Australia is well placed to harness solar thermal energy. Solar thermal energy is used in three main ways: solar hot water heating, production of steam for electricity generation and space heating through building design.

Environmental importance

85% of electricity in Australia is generated by coal-fired power stations. They produce 42% of Australia's greenhouse gas emissions. The IPCC has recommended that developed nations such as Australia cut greenhouse gas emissions by 25 to 40% by 2020 and 80 to 95% by 2050.[1] The Garnaut Climate Change Review found that Australia is highly vulnerable to global warming caused by climate change because of the effects of global warming on Australia.[2] The Great Barrier Reef, Kakadu and Murray Darling Basin are all threatened by climate change. Sea level rise threatens much of the highly populated Australian coast line, including the Gold Coast. The Carbon Pollution Reduction Scheme and Mandatory Renewable Energy Target are intended to reduce Australia's emissions and the further development of techniques to harness solar thermal energy are critical to that effort.

Solar resources of Australia

Of all the continents, Australia has the highest average amount of solar radiation per square metre per annum. The amount is from 1500 to 1900 kWh/m2/yr, mainly depending on location. Australia’s total current primary energy consumption of approximately 5500 PJ/a could be met by an area of 4000 km2 of solar collectors with an average of 20% conversion efficiency. If this were built as a power station with a land coverage of 20% it would be 138 × 138 km. The collector area has been described as being approximately the same as the area of domestic house roofs available nationally.[3]


The CSIRO conducts research into solar thermal energy.[4][5] The newly established UNSW Centre for Energy Research and Policy Analysis also conducts research into solar thermal energy and associated topics.[6]

The ANU Solar Thermal Group at Australian National University in Canberra works on solar thermal energy, with emphasis on high-temperature concentrators, solar air conditioning, and thermochemical energy storage.[7]


2009 Commonwealth budget announcement

The Australian Government, under the Clean Energy Initiative and the Solar Flagships Program, will invest $1.5 billion in up to 4 large-scale solar power generation projects. The Program will aim to create an additional 1000 megawatts of solar power generation capacity in Australia. The largest solar energy project currently operating anywhere in the world is only one third of that size.[8][9]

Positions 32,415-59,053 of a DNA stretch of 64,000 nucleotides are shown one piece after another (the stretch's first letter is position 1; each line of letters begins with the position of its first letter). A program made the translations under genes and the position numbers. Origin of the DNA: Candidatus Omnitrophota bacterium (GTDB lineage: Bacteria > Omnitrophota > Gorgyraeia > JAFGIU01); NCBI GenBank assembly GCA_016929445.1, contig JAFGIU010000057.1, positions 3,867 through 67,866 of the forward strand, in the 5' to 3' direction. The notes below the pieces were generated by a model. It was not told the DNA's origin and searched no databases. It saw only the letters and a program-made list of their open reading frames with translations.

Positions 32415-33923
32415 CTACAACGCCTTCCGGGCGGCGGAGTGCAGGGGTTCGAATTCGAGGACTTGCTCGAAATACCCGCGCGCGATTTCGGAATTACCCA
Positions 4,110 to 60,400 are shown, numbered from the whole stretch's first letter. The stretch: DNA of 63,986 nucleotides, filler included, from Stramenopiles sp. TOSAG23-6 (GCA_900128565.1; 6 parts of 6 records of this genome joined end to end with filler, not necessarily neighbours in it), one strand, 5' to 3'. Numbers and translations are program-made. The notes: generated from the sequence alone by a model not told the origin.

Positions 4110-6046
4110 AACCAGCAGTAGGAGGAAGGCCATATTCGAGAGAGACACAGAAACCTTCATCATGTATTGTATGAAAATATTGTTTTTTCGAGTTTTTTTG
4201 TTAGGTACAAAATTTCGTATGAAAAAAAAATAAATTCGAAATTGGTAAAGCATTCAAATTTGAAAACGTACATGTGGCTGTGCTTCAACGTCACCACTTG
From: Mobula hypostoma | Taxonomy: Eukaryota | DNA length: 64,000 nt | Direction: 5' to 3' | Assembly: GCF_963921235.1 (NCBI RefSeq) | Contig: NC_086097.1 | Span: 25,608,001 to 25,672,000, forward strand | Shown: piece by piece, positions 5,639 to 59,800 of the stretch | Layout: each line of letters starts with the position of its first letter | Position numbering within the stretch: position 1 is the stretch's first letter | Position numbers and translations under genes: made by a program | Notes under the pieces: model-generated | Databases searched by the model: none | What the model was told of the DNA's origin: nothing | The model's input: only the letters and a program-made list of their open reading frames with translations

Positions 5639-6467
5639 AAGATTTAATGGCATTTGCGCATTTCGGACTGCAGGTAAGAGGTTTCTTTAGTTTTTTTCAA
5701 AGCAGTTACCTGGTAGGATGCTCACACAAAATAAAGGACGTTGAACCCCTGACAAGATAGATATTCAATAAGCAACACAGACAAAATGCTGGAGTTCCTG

Commercial applications


Main article: List of desalination plants in Australia


Solar hot water

Main article: Solar hot water in Australia

Australia has a small but long established solar hot water industry.


Electricity generation

Liddell Power Station had a concentrating solar thermal adjunct to the coal-fired power station. It was designed by Solar Heat & Power, now part of Areva Solar.[10]

Cloncurry, Queensland is to be the site of a 10 MW power station using 8,000 mirrors to reflect sunlight onto graphite blocks. Water pumped through the blocks will be turned into steam to power a conventional steam turbine connected to a generator. The estimated cost is $30 million of which the Government of Queensland has committed $7 miilion.[11] On 24 May 2012 the recently elected Newman government announced the withdrawal of state funds for the project. In a statement the Minister for Energy Mark McArdle described the reason for the scrapping as 'saving the taxpayer's money'.

See also


  1. ^ Gupta, Sujata; Tirpak, Dennis A.; Burger, Nicholas; Gupta, Joyeeta; Höhne, Niklas; Boncheva, Antonina Ivanova; Kanoan, Gorashi Mohammed; Kolstad, Charles; Kruger, Joseph A.; Michaelowa, Axel; Murase, Shinya; Pershing, Jonathan; Saijo, Tatsuyoshi; Sari, Agus; Elzen, Michel den; Yang, Hongwei (2007). "13". In Haites, Erik; Pichs, Ramon; Metz, B.; Davidson, O.R.; Bosch, P.R.; Dave, R.; Meyer, L.A. (eds.). Policies, Instruments and Co-operative Arrangements (PDF). In Climate Change 2007: Mitigation. Contribution of Working Group III to the Fourth Assessment Report of the Intergovernmental Panel on Climate Change. Cambridge, UK & New York, USA: Cambridge University Press. p. 776. Archived (PDF) from the original on 28 November 2022.
  2. ^ Efficiency, Department of Climate Change and Energy. "Garnaut Climate Change Review".
  3. ^ Lovegrove, Keith; Dennis, Mike (December 2006). "Solar thermal energy systems in Australia" (PDF). International Journal of Environmental Studies. pp. 791–802. Archived from the original (PDF) on 11 September 2009. Retrieved 26 December 2008.
  4. ^ "Solar thermal energy research". CSIRO Energy Technology. 1 December 2005. Archived from the original on 17 February 2009. Retrieved 26 December 2008.
  5. ^ CSIRO Solar Blog Retrieved 9 November 2011
  6. ^ "CERPA - Research Strengths". Centre for Energy Research and Policy Analysis. Archived from the original on 12 April 2009. Retrieved 26 December 2008.
  7. ^ ANU Solar Thermal Group, Publications list Retrieved 7 Jul 2010
  8. ^ "Ministerial Statement on Climate Change". 12 May 2009. Retrieved 13 May 2009.
  9. ^ "Budget Speech". 12 May 2009. Retrieved 13 May 2009.
  10. ^ "Archived copy". Archived from the original on 5 April 2006. Retrieved 26 December 2008.((cite web)): CS1 maint: archived copy as title (link)
  11. ^ "Cloncurry Solar Thermal Power Station". The State of Queensland (Department of Mines and Energy). 2008. Archived from the original on 20 December 2008. Retrieved 26 December 2008.